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I am looking to add filters to my kit, grads and a polariser.
First a stupid question. Am I right that I will need a lens adaptor (per lens - though for my sigma 10-20 to start), a holder, the filters and in addition for a polariser plus the 105mm adaptor so I can use grads and polariser together.
Secondly has anyone bought from Teamwork as they seem significantly cheaper than Warehouse Express on all of the above.
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I haven't bought fom Teamwork but if you're talking about one of the holder systems for rectangular filters such as Lee or Cokin then you seem to be right with the rest. The lens adapter fits the thread size of the lens, the holder fits to that and the grads go in the holder with the polariser on the front.
I am thinking about the Lee system (instead of the new lens given the price) but i am fed up with either washed out sky or black foreground so I think filters must come first.
Thanks for the confirmation
I use the Lee Pro series and yes you do have to have different rings, but they are very easy to instal. Not so sure a polariser filter is that necessary these days as lens usually cater for this requirement. I have an ND9, ND2 and a grad grey. I find any other filter requirement can be replicated in photoshop. Hope that helps. John
I would disagree about the polariser personally. You can replicate some of the job ND grads do digitally but I've never found anything yet that's a substitute for a good polariser.
Software is something I am hoping to avoid as much as possible. I have a couple of shots already that I know I may be able to rescue with a grad effect and have printed off a tutorial for Gimp. I am not wildly optimistic about the likely results given my lack of computer skills so it seems filters are a must.
I'd stay clear of digital grad effect filters. However one alternative to using actual ND grad filters is to shoot 2 frames (one for the sky and one for the land) and combine in Photoshop. Works very well, is easy to do and in some cases can be generally preferable to using filters.
Having said all that, I personally use my Lee grads whenever possible. I still like the satisfaction of getting it right in camera with one shot.
As for Polarisers, there is no digital substitute for a good filter when it comes to controlling things like reflections. They do come at a price though as I'm sure you've found out!
I have been taking two or three shots as you suggest at diferent exposures with a view to combining them as and when I get photoshop (or work out how to in Gimp).
I absolutely agree with getting it right in the camera. In my case more 10 shots than one. I tend to get the composition then try various permutations (as part of the steep learning curve i seem to be on).
I have indeed found out about polariser prices. The lens I was saving for is going to have to wait quite a while but my local camera shop has a s/h jessops polariser for £7 that will fit my prime so I might get that and have a play just to see first hand what it does before investing.
I prefer grads where possible too but in the meantime, if you already have different exposures of the same shot you can try this in Gimp:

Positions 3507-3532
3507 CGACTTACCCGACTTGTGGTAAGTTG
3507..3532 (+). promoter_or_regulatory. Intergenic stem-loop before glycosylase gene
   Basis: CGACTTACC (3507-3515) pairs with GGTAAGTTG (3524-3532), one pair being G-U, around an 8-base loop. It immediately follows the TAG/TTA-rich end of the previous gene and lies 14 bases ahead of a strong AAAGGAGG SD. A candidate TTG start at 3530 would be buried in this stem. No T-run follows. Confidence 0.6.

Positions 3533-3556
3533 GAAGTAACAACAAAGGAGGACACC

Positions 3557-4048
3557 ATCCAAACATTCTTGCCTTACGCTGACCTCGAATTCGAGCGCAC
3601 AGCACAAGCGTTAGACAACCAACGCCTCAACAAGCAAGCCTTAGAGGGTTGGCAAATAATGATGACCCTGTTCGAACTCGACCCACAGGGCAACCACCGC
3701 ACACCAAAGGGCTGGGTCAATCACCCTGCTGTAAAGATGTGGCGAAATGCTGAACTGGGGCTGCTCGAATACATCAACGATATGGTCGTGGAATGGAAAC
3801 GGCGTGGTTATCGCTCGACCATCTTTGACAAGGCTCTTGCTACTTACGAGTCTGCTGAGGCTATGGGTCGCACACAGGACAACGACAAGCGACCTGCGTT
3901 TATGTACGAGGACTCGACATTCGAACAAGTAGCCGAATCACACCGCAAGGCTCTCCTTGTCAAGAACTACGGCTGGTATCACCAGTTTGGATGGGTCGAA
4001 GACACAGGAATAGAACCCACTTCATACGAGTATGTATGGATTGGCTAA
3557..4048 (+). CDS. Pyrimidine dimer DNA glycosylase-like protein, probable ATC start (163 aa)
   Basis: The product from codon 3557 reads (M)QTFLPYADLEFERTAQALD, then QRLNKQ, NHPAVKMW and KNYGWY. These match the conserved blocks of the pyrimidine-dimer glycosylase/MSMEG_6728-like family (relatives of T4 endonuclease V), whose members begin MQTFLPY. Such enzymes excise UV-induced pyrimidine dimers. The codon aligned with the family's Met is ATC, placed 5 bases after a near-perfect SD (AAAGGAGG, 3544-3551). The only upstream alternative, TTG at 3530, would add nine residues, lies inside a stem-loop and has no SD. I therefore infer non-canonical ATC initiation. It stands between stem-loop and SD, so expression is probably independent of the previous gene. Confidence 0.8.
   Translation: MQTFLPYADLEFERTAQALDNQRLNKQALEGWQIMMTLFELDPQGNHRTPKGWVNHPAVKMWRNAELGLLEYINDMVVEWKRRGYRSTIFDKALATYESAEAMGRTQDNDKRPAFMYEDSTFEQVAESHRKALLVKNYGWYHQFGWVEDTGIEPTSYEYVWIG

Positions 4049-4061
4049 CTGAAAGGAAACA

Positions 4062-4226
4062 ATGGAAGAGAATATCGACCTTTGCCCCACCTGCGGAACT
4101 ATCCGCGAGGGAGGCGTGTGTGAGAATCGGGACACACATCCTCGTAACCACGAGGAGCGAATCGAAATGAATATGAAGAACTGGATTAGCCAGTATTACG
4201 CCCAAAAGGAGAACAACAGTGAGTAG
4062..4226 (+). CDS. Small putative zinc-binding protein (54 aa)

- Open one of the images
- Create a new layer (Layer->New Layer)
- Show the layers dialogue (Dialogues->Layers or Ctrl-L)
- Ensure the new, empty layer is selected and paste one of the different exposures into that layer
- Right click the new layer, select 'Add layer mask'
- Using the gradient tool, draw a black-white gradient on the new layer mask.
You've now basically got a ND grad between the two exposures. You can experiment with the position and width of the black to white transition until you're happy.
Quote: Not so sure a polariser filter is that necessary these days as lens usually cater for this requirement.
what? polarising lenses?
I am afraid you overestimate my talents. I got as far as adding the new layer and I think a layer mask. I used two totally different shots to make sure I could see the changes. However I don't seem to have a "gradient tool" and even though the two pictures were different when I attempted merge them ,they didn't, or only one was visible.
I should have said I am hopeless when it comes to using software and since I downloaded Gimp have only really figured out the very basic functions such as cropping or applying an effect to an entire image.
You see now why I am after buying the grads.
using a grad at the time of capture is much easier than messing around in software afterwars, however adept you are on the computer. Learn to read the histogram display - if you take a shot with a bright washed out sky, it will typically look like a pair of horns with two spikes. Then as you apply the right amount of grads the outer spikes will draw in and a central hump will appear. The "ideal" histogram should usually be one central hump gradually fizzling out to the right and left..
No problem Dave - just thought it might help in advance of getting hold of the grads
Histograms are something I haven't taken any notice of yet so that will be this weekends homework.
I will persevere with Gimp as I suspect even with filters I will need to learn at least how to tweak this a bit.
Quote: Secondly has anyone bought from Teamwork as they seem significantly cheaper than Warehouse Express on all of the above.
Hitech filters are actually very good quality especially for their price. The 85mm filters will fit into a standard Cokin P size holder and the 100mm filters will also fit into the Lee holders. They also do their own holders too, if you get their own holder then make sure you get one with more than one filter slot.
If you send me a PM I will tell you how to get 20% off when ordering direct.
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